English is a “stressed” language.
We’re not literally talking about how stressful English can sometimes be (especially with its contradicting rules!). What we mean is English stresses or emphasizes some words and syllables compared to others. They’re pronounced more strongly with higher pitch, and they even take more time to say.
In this sense, English has a melody. You can think of spoken English as more like a wave with ups and downs rather than a monotone.
This isn’t just an add-on, either – stress is so fundamental to English that a word with the wrong stress will sound funny (and even unrecognizable). Because of this, a key part of becoming fluent in English is learning how to apply stress correctly.
To make it easier for you, we’ve come up with the main stress rules in the English language that you should know about. Check them out in our guide below!
Two Levels of Stress in English
When you stress a sound, here’s what exactly happens:
- You draw it out more and say it loudly
- The pitch rises from the previous sound
- Your mouth movements are more exaggerated
- You pronounce it clearly instead of mumbling
With unstressed sounds, it’s the opposite!
Stress is a consistent feature of the English language, and you’ll encounter it in two levels: word stress and sentence stress. Let’s go over both:
1. Word Stress
Word stress refers to how there’s one syllable that’s stressed over the others in every English word.
Here are some examples, with the stress on the bolded syllables:
It’s much more rigid than sentence stress because using the wrong word stress can lead to a breakdown in communication. English speakers are likely to have a hard time understanding you, and they might even ask you to repeat yourself.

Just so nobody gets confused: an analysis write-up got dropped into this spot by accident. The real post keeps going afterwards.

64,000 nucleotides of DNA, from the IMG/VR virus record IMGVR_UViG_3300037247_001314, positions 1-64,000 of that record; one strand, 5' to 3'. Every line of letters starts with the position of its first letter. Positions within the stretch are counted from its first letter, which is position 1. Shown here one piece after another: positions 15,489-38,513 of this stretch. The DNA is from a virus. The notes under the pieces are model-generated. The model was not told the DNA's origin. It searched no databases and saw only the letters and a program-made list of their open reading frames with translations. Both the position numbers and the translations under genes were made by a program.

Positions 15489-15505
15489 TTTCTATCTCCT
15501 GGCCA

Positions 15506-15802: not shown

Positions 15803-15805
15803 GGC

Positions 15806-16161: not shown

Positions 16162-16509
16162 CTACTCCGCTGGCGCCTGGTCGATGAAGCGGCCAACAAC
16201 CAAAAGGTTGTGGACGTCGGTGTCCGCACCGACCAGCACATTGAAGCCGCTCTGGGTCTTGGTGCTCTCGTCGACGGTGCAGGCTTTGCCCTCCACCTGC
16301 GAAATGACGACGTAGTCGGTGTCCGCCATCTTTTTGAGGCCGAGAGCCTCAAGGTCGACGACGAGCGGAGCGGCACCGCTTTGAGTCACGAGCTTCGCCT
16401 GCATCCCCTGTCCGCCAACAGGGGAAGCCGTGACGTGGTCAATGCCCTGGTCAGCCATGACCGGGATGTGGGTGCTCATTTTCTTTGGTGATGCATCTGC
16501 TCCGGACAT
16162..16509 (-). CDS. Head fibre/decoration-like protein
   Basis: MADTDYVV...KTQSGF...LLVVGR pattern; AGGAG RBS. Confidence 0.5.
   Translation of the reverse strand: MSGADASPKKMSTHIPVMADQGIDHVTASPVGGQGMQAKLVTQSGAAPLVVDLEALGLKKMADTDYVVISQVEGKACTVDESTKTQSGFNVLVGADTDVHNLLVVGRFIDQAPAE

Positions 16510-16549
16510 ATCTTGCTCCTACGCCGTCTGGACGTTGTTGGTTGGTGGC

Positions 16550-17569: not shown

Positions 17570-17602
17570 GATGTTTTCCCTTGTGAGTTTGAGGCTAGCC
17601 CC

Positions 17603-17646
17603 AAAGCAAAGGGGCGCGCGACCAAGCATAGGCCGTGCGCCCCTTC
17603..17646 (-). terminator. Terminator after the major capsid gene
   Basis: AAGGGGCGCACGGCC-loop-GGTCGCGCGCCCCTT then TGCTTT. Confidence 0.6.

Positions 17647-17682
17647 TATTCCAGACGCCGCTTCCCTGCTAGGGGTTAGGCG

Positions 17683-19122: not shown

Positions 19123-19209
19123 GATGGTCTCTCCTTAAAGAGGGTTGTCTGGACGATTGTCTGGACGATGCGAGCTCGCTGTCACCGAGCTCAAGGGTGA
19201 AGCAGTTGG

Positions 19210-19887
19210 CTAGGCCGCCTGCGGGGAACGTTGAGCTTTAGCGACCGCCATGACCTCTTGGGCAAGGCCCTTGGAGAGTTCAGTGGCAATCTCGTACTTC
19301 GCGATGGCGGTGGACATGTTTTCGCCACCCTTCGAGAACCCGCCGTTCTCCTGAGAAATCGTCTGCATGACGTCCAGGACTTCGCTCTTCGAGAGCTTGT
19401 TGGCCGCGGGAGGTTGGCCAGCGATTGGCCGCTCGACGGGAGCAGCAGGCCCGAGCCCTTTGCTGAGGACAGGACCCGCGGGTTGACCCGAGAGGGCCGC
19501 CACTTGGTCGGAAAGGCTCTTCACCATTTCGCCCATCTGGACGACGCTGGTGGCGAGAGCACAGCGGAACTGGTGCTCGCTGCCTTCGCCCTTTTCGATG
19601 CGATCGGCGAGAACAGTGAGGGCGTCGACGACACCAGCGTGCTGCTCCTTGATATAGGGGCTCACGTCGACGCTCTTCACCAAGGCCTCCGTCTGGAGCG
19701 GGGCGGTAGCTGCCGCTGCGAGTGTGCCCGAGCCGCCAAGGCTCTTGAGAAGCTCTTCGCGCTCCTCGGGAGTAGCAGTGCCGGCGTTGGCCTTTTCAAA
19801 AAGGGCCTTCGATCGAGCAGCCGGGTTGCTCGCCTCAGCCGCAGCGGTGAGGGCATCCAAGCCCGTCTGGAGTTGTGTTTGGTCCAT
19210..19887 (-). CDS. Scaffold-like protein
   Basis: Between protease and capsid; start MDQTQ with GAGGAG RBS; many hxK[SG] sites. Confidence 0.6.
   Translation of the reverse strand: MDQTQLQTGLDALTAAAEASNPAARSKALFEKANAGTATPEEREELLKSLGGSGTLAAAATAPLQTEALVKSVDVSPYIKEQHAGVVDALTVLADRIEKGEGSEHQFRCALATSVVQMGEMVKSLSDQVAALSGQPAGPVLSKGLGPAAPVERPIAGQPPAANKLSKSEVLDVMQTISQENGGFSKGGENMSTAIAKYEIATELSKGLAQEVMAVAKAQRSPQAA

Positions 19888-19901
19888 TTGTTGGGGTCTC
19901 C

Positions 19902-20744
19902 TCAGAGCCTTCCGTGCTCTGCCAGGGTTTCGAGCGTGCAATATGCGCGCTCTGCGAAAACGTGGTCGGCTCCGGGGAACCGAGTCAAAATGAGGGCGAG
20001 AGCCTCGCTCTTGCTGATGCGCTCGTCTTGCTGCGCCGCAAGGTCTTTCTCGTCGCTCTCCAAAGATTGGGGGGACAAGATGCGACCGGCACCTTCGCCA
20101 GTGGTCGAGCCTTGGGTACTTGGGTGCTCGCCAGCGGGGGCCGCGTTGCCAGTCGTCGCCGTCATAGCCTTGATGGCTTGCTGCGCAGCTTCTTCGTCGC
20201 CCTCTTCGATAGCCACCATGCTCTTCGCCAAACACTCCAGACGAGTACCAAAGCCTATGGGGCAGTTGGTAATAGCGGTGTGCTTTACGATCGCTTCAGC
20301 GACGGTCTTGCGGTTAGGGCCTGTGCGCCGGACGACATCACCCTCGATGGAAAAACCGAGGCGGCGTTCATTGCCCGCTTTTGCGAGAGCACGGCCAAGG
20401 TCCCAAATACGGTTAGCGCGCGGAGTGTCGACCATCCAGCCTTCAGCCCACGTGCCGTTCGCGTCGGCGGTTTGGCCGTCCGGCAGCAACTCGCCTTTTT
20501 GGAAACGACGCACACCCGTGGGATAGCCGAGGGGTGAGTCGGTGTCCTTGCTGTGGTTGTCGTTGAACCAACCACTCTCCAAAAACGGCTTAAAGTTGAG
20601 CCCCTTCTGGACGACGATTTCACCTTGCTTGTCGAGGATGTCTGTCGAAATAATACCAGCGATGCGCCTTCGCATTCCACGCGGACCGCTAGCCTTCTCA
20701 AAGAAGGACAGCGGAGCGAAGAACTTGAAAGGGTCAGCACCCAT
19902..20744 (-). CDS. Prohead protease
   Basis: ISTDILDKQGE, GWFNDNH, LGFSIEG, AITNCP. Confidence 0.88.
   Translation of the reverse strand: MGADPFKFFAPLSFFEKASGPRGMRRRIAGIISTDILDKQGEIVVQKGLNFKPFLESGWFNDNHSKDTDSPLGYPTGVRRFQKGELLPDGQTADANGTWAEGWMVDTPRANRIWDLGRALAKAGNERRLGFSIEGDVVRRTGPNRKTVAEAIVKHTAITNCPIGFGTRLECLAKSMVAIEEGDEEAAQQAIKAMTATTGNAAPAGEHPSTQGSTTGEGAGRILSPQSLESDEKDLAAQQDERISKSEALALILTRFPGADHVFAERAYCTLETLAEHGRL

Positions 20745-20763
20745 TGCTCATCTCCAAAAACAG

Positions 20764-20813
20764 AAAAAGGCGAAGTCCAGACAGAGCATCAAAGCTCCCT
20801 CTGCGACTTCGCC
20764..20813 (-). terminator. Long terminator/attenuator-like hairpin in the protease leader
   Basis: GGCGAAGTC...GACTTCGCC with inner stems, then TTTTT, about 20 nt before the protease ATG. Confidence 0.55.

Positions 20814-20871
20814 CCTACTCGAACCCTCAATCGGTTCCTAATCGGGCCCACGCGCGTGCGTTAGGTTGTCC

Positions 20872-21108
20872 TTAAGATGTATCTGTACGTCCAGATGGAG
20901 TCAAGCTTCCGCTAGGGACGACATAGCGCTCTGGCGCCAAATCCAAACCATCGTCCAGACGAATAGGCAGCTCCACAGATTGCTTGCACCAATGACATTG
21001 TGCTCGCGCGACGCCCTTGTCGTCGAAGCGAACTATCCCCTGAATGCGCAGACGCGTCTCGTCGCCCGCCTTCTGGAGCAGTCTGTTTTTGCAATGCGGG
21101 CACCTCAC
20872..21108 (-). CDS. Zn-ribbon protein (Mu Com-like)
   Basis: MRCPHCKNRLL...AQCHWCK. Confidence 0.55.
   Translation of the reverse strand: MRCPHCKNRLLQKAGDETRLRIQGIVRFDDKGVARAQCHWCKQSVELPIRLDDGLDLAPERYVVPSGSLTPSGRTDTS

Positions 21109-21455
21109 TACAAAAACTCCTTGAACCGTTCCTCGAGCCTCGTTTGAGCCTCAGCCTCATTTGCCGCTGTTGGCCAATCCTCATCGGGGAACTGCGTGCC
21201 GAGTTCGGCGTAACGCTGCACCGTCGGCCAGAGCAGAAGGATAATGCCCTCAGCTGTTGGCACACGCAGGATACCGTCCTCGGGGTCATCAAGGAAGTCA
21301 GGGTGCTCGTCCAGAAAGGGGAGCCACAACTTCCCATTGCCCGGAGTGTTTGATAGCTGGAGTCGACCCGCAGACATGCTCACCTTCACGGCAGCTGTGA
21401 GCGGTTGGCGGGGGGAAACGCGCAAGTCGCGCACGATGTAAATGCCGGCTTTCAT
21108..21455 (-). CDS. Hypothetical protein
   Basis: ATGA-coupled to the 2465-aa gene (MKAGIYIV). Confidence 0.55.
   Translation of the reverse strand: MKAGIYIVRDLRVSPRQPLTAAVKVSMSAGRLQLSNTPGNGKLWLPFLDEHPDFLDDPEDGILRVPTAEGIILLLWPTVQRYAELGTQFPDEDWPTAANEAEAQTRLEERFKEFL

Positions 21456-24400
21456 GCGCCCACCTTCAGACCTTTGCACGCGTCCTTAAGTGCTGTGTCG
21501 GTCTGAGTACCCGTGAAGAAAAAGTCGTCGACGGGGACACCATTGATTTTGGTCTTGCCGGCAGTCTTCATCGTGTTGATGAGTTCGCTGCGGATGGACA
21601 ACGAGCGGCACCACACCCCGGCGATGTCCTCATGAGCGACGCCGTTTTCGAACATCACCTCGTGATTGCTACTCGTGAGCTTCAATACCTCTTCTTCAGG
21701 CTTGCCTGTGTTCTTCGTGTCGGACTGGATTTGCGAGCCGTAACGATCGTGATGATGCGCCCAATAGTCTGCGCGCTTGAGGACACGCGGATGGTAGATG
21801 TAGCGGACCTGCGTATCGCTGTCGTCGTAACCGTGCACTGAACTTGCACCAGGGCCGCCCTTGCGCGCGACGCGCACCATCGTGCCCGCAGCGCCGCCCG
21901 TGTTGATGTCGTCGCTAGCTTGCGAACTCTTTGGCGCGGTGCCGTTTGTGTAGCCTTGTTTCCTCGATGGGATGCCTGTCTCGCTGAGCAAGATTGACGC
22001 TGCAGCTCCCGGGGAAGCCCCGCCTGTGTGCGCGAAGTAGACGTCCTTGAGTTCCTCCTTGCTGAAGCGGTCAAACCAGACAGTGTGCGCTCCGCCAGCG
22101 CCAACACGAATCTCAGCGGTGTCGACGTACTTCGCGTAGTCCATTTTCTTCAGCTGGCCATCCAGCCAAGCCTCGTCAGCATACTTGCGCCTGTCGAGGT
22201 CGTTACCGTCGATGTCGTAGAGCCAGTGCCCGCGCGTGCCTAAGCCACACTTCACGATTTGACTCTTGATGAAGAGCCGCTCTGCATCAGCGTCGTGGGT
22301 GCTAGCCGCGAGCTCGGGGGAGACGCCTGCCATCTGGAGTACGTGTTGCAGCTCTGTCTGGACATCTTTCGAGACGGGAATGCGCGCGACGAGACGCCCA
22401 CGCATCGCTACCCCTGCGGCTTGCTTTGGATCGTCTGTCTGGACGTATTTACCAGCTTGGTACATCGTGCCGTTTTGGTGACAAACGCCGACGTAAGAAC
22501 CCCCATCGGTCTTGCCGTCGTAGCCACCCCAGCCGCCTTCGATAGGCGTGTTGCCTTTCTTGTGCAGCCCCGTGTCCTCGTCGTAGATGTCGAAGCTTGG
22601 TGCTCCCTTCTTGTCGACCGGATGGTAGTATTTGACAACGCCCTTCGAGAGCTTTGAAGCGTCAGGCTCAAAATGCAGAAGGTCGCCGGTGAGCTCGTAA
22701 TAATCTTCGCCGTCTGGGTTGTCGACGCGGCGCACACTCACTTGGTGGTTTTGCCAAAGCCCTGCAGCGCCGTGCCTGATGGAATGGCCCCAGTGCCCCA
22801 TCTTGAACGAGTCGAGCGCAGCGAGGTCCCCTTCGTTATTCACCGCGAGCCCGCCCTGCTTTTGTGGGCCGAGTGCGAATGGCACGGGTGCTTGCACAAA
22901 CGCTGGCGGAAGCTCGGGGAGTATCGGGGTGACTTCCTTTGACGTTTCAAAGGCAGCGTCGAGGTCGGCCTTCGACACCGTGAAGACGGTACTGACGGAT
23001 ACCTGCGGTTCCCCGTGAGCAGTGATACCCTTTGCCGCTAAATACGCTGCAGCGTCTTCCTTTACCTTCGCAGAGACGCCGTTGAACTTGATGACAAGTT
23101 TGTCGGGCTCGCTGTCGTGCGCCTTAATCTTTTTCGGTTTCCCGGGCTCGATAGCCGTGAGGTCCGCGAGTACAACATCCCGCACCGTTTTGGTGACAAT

Each word always has the same syllable that’s stressed. In fact, sometimes word stress can change the meaning of a word. You might give someone a present (stress on the first syllable) or gift, but you can also present (stress on the second syllable) a proposal.
2. Sentence Stress
With sentence stress, you’re stressing or emphasizing specific words in a sentence over the others. It’s a bit more flexible than word stress because it depends on your intent – you can stress different words in a sentence based on what you want to highlight. However, there’s still a more standard way to do it.
- Do you have an English class this week?
- We got stranded because it was raining hard.
- The world was so different centuries ago.
- They aren’t sure where they’re headed.
Sentence stress combines with word stress in practically every English phrase or sentence. To sound natural when speaking English, you have to include both smoothly. For a handy resource to level up your speaking, you can turn to Creativa’s course on Mastering North American English Pronunciation. It has engaging, high-quality video lessons that dive deep into the melody of English, with topics such as sentence stress, intonation, and more! You’ll get to watch step-by-step explanations ranging from how to stress your sentences properly to linking consonants for smoother speech.
All in all, the course delves into aspects of pronunciation that English learners can easily miss out on – and yet are necessary for clear, expressive English. Curious about it? Here’s a free video straight from the course.
Word Stress Rules in the English Language
Let’s start off with word stress rules. Although the same syllable is always stressed in each word, where this syllable is located varies from word to word. Some words will have their first syllable stressed, while for others, it’s the last or even the middle syllable.
These are the main word stress rules in English:
Rule 1: Nouns and adjectives usually stress the first syllable.
This is a useful rule because nouns and adjectives are among the most common words that you’ll encounter.
Nouns refer to people, places, and things.
Adjectives describe nouns and pronouns.
Rule 2: Two-syllable verbs and prepositions usually stress the second syllable.